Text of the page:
RICHARD Mowbray (Letters, November 5) presents a rosy picture of a future UK based on his analysis of financial statistics. I would question that interpretation. Worldwide the UK may stand fifth-largest in terms of gross GDP but when one looks at international comparisons, per capita the UK comes somewhere between 24th and 30th ; our near neighbours Ireland are fifth. Mr Mowbray avoids international comparisons of household disposable income where the UK has crashed from fifth place in the early 2000s to currently somewhere in the lower teens. The EU isn't responsible, it was our own Government that did that or allowed it to happen.

We have a national debt approaching £2 trillion that continues to increase rather than reduce. Even if the debt were to be paid off over a period of 20 years where would the Exchequer find the £100 billion every year to do so? Perhaps by privatising the NHS and slashing social services? It already pays eight per cent of tax revenue on interest payments; does Mr Mowbray suggest it initially spends 25 per cent of our taxes to pay down the debt and to service the loan repayments? If not, Brexit or no Brexit the UK will drag the ball and chain of debt behind it for decades while the financial sector continues to siphon off some of the taxes paid by those fortunate to be in work and I and my contemporaries pay from our pensions simply because we had the wit to use part of our already-taxed income to pay into one.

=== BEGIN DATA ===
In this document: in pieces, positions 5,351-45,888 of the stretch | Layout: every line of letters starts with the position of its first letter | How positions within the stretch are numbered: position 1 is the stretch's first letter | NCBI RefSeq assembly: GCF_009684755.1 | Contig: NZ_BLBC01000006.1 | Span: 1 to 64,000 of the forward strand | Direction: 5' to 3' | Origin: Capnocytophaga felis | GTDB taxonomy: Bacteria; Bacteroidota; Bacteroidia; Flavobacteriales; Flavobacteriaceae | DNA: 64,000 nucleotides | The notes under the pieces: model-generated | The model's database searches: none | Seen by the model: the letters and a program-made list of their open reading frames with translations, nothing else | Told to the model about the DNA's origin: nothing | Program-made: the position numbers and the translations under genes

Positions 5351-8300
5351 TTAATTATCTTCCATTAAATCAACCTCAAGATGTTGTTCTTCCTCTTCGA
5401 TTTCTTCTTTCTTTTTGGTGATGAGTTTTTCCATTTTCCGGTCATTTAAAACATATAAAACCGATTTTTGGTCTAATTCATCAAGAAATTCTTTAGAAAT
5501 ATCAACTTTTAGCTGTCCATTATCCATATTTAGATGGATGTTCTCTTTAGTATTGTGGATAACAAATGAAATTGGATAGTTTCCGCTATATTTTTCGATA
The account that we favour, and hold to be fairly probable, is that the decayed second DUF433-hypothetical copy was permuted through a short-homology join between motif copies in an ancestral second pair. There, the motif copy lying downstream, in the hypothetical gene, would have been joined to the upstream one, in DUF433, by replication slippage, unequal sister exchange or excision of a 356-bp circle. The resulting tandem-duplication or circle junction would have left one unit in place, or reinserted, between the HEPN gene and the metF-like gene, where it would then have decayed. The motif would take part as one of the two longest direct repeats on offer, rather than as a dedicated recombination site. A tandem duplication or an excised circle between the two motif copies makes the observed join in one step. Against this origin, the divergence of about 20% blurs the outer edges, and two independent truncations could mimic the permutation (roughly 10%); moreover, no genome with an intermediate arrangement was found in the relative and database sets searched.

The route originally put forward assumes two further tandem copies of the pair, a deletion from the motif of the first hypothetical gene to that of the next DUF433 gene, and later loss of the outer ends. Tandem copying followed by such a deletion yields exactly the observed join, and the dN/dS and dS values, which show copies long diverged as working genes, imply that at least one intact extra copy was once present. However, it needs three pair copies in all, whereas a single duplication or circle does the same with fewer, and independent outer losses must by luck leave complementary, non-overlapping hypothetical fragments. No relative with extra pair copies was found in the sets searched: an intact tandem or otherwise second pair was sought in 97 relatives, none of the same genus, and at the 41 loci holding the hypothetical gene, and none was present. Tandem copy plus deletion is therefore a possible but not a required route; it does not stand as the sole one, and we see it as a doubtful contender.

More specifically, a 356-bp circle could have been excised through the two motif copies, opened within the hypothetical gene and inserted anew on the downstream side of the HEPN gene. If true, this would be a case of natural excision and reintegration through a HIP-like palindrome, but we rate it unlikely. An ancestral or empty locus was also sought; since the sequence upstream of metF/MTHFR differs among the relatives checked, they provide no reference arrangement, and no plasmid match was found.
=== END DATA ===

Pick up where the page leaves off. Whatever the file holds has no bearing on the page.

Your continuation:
Our economy relies too heavily on the service sector; it cannot be sustained by us selling pizzas to each other or a financial sector based on finding effective ways of hiding the Establishment’s wealth. Post-Brexit we will be an isolated island having to find new export markets; just what will we be exporting that China can’t make at a fraction of the price?

Its shows how little we have learned that a century after the "war to end wars" a tiny section of society can still manipulate the general public into accepting a state of affairs that is against its own interests.

David J Crawford,

85 Whittingehame Court, 1300 Great Western Road, Glasgow.

CONGRATULATIONS to Richard Mowbray for his excellent letter regarding the UK’s current relationship with the EU.